Uncertainties generated by the evidence

The NICE Appraisal Committee noted that overall survival data from CheckMate 067 (which compared nivolumab with ipilimumab) are not yet available, and it was therefore difficult to draw any firm conclusion on relative overall survival benefit.

The NICE Appraisal Committee concluded that the long term benefit of nivolumab remains highly uncertain until further follow up data are available.

The NICE Appraisal Committee appreciated that there is considerable uncertainty about the optimum duration of treatment with nivolumab.

Are there any clinically relevant subgroups for which there is evidence of differential effectiveness?

The NICE Appraisal Committee noted that subgroup analyses from CheckMate 067 and CheckMate 037 suggest that nivolumab is somewhat less effective in BRAF mutation positive disease compared with BRAF mutation negative disease. However, it heard that these differences were not substantial.

The NICE Appraisal Committee noted that subgroup analyses also showed that nivolumab appeared effective regardless of PD L1 expression, but that comparatively better outcomes were seen in people with positive PD L1 expression.

Estimate of the size of the clinical effectiveness including strength of supporting evidence

The NICE Appraisal Committee heard that updated 2 year overall survival data showed that the overall survival benefit was maintained at 2 years (57.7% of patients in the nivolumab arm were alive compared with 26.7% of patients in the dacarbazine arm [hazard ratio of 0.43, 95% confidence interval: 0.33 to 0.57]).

Evidence for cost effectiveness

Availability, nature and quality of evidence

The NICE Appraisal Committee noted that overall survival data are only available from the CheckMate 066 trial that compared nivolumab with dacarbazine. It also considered the updated 2 year overall survival data from CheckMate 066. The NICE Appraisal Committee recognised that dacarbazine is now infrequently used except in the context of palliative care, and that the effectiveness of nivolumab compared with ipilimumab is more relevant to clinical practice. The NICE Appraisal Committee noted that overall survival data from CheckMate 067 (which compared nivolumab with ipilimumab) are not yet available and considered the Kaplan–Meier curves for progression free survival from CheckMate 067.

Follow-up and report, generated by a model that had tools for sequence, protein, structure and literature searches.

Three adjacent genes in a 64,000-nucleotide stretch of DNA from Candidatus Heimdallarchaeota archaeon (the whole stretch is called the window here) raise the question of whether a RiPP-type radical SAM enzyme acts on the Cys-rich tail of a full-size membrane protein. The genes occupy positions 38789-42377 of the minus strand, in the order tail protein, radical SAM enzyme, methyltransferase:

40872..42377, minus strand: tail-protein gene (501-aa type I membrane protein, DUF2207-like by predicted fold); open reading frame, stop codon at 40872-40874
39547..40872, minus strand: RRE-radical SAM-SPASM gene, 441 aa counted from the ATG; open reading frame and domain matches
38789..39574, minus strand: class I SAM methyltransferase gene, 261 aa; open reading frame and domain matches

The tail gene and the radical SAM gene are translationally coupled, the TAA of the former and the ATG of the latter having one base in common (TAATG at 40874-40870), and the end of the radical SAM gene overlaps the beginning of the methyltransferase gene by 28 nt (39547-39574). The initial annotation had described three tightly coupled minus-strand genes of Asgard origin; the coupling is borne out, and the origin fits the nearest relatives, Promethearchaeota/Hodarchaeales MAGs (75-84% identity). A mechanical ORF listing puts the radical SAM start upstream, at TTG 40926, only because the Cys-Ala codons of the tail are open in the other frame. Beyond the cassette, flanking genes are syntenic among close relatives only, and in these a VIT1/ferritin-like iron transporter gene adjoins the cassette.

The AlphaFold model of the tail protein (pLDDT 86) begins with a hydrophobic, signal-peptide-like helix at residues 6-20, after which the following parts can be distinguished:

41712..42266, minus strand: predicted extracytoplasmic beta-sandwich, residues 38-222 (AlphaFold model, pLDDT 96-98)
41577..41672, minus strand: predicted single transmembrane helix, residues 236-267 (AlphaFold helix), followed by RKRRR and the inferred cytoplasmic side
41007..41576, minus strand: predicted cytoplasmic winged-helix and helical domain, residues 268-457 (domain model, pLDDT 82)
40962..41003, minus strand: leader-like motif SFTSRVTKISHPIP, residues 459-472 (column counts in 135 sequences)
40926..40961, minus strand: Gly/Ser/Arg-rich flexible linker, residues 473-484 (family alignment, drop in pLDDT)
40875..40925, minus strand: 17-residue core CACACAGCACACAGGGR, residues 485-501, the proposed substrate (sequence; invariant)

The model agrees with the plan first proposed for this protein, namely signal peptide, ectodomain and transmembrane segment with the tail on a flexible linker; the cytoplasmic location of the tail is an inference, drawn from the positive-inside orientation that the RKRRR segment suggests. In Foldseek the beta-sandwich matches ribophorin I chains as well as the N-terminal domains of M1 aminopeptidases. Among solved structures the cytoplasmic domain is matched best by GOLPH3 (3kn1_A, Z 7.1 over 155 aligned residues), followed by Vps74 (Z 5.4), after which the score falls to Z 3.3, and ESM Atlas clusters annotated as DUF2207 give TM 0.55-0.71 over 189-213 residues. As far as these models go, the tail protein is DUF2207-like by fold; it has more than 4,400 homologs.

Uncertainties around and plausibility of assumptions and inputs in the economic model

The NICE Appraisal Committee considered the company's assumption, that patients having nivolumab would have a comparable long term survival benefit to that seen in the ipilimumab trials, to be highly uncertain. However, the NICE Appraisal Committee agreed that it would not be unreasonable to expect that the short term progression free survival benefit for nivolumab compared with ipilimumab would translate into a survival benefit.

The NICE Appraisal Committee concluded that lack of evidence on the optimal duration of treatment made the cost effectiveness results uncertain.

Incorporation of health-related quality-of-life benefits and utility values

Have any potential significant and substantial health-related benefits been identified that were not included in the economic model, and how have they been considered?

The company used EQ 5D values from CheckMate 066, using regression analysis to estimate utility values for health states in the model.

The modelled utility decrements for adverse events were based on Beusterien et al., 2009.

The NICE Appraisal Committee could not identify any specific health related benefit that had not already been captured in the QALY calculation.

Are there specific groups of people for whom the technology is particularly cost effective?

No subgroups were considered.

What are the key drivers of cost effectiveness?

The NICE Appraisal Committee noted that in the company's deterministic sensitivity analyses, the results were most sensitive to the choice of the fitted parametric curves.

The NICE Appraisal Committee noted that time spent on treatment was a key factor influencing the cost effectiveness results.

Most likely cost effectiveness estimate (given as an ICER)

The NICE Appraisal Committee concluded that the ICER for nivolumab is likely to be less than 30,000 GBP per QALY gained in both BRAF mutation positive and BRAF mutation negative advanced melanoma.

The exact ICERs are confidential and cannot be reported on NICE website.

Patient access schemes

The NICE Appraisal Committee considered the ICERs from the company's base cases, recalculated to include the discounted prices in the patient access schemes for 3 comparators (ipilimumab, vemurafenib and dabrafenib), which are commercial in confidence.

End-of-life considerations

The NICE Appraisal Committee agreed that the life expectancy of people with advanced (unresectable or metastatic) melanoma is short. It also agreed that nivolumab is indicated for a small patient population and survival gain with nivolumab compared with current NHS treatment is likely to be more than 3 months. The NICE Appraisal Committee therefore concluded that nivolumab meets all the criteria to be considered a life extending, end of life treatment.

Equalities considerations and social value judgements

No equality issues were identified.

Read the full NICE guidance here.